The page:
2.1: What is Robotics?

A robot is a programmable mechanical device that can perform tasks and interact with its environment, without the aid of human interaction. Robotics is the science and technology behind the design, manufacturing and application of robots.

The word robot was coined by the Czech playwright Karel Capek in 1921. He wrote a play called “Rossum's Universal Robots” that was about a slave class of manufactured human-like servants and their struggle for freedom. The Czech word robota loosely means "compulsive servitude.” The word robotics was first used by the famous science fiction writer, Isaac Asimov, in 1941. 

Basic Components of a Robot

The components of a robot are the body/frame, control system, manipulators, and drivetrain.

Body/frame: The body or frame can be of any shape and size. Essentially, the body/frame provides the structure of the robot. Most people are comfortable with human-sized and shaped robots that they have seen in movies, but the majority of actual robots look nothing like humans. (NASA’s Robonaut, pictured in the previous section is an exception.) They are typically designed more for function than appearance.

Control System: The control system of a robot is equivalent to the central nervous system of a human.  It coordinates and controls all aspects of the robot. Sensors provide feedback based on the robot’s surroundings, which is then sent to the Central Processing Unit (CPU). The CPU filters this information through the robot’s programming and makes decisions based on logic. The same can be done with a variety of inputs or human commands.

Manipulators: To fulfill their purposes, many robots are required to interact with their environment, and the world around them.  Sometimes they are required to move or reorient objects from their environments without direct contact by human operators. Unlike the Body/frame and the Control System, manipulators are not integral to a robot, i.e. a robot can exist without a manipulator. This curriculum focuses heavily on manipulators, especially in Unit 6.

Drivetrain: Although some robots are able to perform their tasks from one location, it is often a requirement of robots that they are able to move from location to location. For this task, they require a drivetrain.  Drivetrains consist of a powered method of mobility. Humanoid  style robots use legs, while most other robots will use some sort of wheeled solution. 

Uses and Examples of Robots

Robots have a variety of modern day uses. These uses can be broken down into three major categories:

  • Industrial Robots
  • Robots in Research
  • Robots in Education

Industrial Robots

In industry, there are numerous jobs that require high degrees of speed and precision. For many years humans were responsible for all these jobs. With the advent of robotic technology, it became evident that many industrial processes could be sped up and performed with a higher degree of precision by the use of robots.  Such jobs include packaging, assembly, painting, and palletizing. Initially robots in industry only performed very specialized and repetitive jobs that could be executed with a simple yet precise set of instructions. However as technology has improved, we now see industrial robots that are much more flexible, making decisions based on complex sensor feedback. Vision systems are now common on industrial robots. By the end of 2014, the International Federation of Robotics predicts that there will be over 1.3 million industrial robots in operation worldwide!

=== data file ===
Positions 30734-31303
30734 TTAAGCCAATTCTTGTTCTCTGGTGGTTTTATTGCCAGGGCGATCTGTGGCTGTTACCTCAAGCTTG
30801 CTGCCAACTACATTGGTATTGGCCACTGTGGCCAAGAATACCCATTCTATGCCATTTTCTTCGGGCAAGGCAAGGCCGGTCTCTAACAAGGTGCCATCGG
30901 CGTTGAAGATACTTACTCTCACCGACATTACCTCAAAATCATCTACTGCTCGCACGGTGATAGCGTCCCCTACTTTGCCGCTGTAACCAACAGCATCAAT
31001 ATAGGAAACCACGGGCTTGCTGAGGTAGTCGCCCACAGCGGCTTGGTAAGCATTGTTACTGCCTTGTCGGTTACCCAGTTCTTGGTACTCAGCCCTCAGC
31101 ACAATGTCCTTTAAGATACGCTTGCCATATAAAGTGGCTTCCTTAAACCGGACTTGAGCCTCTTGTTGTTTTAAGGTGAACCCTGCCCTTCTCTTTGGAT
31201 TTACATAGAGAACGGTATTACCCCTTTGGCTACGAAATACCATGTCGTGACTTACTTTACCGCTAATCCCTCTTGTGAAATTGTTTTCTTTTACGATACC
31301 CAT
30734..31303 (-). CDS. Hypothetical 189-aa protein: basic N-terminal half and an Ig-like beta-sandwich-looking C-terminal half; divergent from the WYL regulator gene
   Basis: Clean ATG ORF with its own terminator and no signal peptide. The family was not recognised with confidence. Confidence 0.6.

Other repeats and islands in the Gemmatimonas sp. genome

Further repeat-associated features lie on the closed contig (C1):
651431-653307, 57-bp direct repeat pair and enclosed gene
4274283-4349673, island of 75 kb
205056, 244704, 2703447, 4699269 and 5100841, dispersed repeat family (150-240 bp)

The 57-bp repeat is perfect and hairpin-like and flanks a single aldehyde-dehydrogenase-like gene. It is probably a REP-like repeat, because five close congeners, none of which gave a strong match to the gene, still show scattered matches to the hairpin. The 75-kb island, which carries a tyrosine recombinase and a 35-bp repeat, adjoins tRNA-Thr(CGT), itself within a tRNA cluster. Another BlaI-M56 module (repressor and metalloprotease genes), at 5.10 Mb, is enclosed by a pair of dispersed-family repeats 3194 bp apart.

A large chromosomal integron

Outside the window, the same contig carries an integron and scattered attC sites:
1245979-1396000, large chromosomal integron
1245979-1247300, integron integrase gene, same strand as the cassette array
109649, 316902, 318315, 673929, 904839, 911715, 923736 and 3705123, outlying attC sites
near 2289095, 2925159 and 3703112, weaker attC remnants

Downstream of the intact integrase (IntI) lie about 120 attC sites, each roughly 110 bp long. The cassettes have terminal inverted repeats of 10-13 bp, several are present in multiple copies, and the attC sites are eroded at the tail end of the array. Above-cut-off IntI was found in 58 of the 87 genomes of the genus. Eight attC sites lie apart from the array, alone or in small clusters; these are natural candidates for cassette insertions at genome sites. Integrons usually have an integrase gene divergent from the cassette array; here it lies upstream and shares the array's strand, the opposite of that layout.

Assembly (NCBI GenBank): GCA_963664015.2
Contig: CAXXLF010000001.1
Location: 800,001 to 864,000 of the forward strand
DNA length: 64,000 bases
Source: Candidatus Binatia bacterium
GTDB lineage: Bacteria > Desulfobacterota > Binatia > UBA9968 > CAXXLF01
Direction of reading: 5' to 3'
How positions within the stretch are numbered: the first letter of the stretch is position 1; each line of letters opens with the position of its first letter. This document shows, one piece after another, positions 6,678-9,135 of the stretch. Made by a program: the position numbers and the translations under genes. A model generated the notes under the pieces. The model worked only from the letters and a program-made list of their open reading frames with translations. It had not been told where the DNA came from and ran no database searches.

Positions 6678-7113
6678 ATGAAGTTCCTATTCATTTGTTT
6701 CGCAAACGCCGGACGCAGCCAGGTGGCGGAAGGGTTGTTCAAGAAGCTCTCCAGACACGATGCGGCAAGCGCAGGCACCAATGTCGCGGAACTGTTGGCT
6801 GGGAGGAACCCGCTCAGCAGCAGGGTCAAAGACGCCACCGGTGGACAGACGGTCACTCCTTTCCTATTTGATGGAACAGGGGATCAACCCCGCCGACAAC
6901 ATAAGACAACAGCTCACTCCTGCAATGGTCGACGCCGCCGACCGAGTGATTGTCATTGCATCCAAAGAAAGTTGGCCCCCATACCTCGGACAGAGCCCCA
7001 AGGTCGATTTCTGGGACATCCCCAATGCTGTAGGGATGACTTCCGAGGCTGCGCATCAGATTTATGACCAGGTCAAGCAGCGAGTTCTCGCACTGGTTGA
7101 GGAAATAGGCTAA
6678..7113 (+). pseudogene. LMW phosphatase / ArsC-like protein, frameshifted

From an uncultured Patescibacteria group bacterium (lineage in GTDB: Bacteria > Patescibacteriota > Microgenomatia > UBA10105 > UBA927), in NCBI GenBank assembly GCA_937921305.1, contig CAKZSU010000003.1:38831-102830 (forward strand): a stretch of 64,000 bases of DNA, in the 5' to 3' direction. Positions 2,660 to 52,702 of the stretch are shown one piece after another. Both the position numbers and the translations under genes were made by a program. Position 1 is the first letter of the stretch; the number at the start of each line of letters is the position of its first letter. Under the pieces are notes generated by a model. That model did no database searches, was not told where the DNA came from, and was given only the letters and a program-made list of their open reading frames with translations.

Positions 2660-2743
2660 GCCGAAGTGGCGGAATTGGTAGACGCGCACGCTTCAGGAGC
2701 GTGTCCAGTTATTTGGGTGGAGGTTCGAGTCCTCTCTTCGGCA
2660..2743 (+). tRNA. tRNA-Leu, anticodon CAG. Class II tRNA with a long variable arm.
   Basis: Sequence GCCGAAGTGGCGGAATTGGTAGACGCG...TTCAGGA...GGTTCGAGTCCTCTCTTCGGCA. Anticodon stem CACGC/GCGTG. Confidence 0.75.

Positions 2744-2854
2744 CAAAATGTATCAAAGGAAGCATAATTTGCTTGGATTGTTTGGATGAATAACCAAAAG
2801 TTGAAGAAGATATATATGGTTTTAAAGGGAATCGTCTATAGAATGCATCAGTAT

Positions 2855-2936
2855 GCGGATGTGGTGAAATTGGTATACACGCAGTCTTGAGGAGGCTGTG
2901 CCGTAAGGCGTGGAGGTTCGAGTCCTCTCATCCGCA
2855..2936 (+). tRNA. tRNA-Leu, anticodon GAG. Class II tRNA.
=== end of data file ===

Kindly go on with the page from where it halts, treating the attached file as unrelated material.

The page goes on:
Robots can be designed to perform tasks that would be difficult, dangerous, or impossible for humans to do. For example, robots are now used to defuse bombs, service nuclear reactors, investigate the depths of the ocean and the far reaches of space.

Robots in Research

Robots come in very handy in the world of research, as they often can be used to perform tasks or reach locations that would be impossible for humans. Some of the most dangerous and challenging environments are found beyond the Earth. For decades, NASA has utilized probes, landers, and rovers with robotic characteristics to study outer space and planets in our solar system.

Pathfinder and Sojourner

The Mars Pathfinder mission developed a unique technology that allowed the delivery of an instrumented lander and a robotic rover, Sojourner, to the surface of Mars. It was the first robotic roving vehicle to be sent to the planet Mars. Sojourner weighs 11.0 kg (24.3 lbs.) on Earth (about 9 lbs. on Mars) and is about the size of a child's wagon. It has six wheels and could move at speeds up to 0.6 meters (1.9 feet) per minute. The mission landed on Mars on July 4th, 1997. Pathfinder not only accomplished this goal but also returned an unprecedented amount of data and outlived its primary design life. 

Spirit and Opportunity